structural normality, that may include the truster’s or trustee’s roles in the situation. Structural
assurances seek to ‘reassure’ us that measures have been taken specifically to safeguard us and reduce
the risk of something going wrong. Structural normality refers to the appearance that everything is
2.3. Describing Trust as a Set of Related Constructs 41
‘normal’. This gives the truster a sense of security, which positively supports his trusting decisions
by increasing his tolerance for perceived risks.
System trust, according to Luhmann, has gained predominance in modern social relationships over
the more spontaneous interpersonal trust. There is a reliance on the system to maintain conditions
and to perform satisfactorily, rather than trusting the other person. It also involves some amount of
reflexivity and a conscious approach to trust – as long as there is a belief that everyone cooperates
and trusts, then there will be trust [Luh79].
Dispositional trust, sometimes referred to as ‘basic trust’, describes the general trusting attitude of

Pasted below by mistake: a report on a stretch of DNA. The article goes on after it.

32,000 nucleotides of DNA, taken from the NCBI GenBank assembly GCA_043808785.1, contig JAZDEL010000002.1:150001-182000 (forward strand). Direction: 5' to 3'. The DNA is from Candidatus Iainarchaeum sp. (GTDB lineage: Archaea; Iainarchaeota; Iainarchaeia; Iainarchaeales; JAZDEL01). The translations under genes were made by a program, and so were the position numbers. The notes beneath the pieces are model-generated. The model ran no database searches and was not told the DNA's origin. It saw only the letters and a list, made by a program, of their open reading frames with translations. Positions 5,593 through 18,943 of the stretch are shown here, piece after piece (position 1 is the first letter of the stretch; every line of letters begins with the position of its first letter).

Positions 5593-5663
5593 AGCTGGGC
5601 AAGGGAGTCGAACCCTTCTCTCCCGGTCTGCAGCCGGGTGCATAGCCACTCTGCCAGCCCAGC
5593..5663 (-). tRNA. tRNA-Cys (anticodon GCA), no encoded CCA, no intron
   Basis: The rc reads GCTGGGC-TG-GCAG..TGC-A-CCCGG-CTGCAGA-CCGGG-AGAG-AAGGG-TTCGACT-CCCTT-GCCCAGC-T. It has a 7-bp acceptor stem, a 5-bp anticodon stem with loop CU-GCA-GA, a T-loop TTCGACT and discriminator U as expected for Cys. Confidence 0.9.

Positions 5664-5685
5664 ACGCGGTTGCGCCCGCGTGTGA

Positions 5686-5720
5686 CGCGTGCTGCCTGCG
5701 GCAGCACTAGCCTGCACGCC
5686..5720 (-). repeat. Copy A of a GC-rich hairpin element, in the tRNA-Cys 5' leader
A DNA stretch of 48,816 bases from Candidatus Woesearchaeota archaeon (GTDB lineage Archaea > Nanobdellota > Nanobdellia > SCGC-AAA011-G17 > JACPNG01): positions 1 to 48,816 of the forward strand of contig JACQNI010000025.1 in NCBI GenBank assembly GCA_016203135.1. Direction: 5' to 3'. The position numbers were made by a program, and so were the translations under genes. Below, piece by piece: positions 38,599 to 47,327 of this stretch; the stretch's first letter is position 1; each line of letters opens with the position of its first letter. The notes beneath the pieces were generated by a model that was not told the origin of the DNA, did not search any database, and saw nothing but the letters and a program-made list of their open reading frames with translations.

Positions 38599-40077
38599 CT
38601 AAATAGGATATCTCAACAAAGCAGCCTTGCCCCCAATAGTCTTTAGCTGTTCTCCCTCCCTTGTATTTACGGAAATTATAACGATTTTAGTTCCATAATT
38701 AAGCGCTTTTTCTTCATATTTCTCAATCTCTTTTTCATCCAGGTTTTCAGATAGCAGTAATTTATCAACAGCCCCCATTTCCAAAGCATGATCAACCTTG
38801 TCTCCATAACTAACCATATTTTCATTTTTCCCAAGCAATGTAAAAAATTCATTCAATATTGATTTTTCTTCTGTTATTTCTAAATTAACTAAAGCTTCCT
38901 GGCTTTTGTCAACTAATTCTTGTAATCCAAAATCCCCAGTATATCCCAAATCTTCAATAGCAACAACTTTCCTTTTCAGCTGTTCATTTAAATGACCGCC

the truster. This is “a sense of basic trust, which is a pervasive attitude toward oneself and the
world” [MC96]. Therefore it is independent of any specific party or situation. A person’s trust
disposition decides how much initial trust to give and also affects how the truster react to feedback
from interactions that affect trust [BF87, Rot67]. This trust disposition, according to Boon and
Holmes [BH91], is a major part of who we are and is rooted deeply in childhood experiences.
Dispositional trust is cross-situational.
McKnight et al., in [MCC95], breaks down dispositional trust into two further subtypes. Type A dis-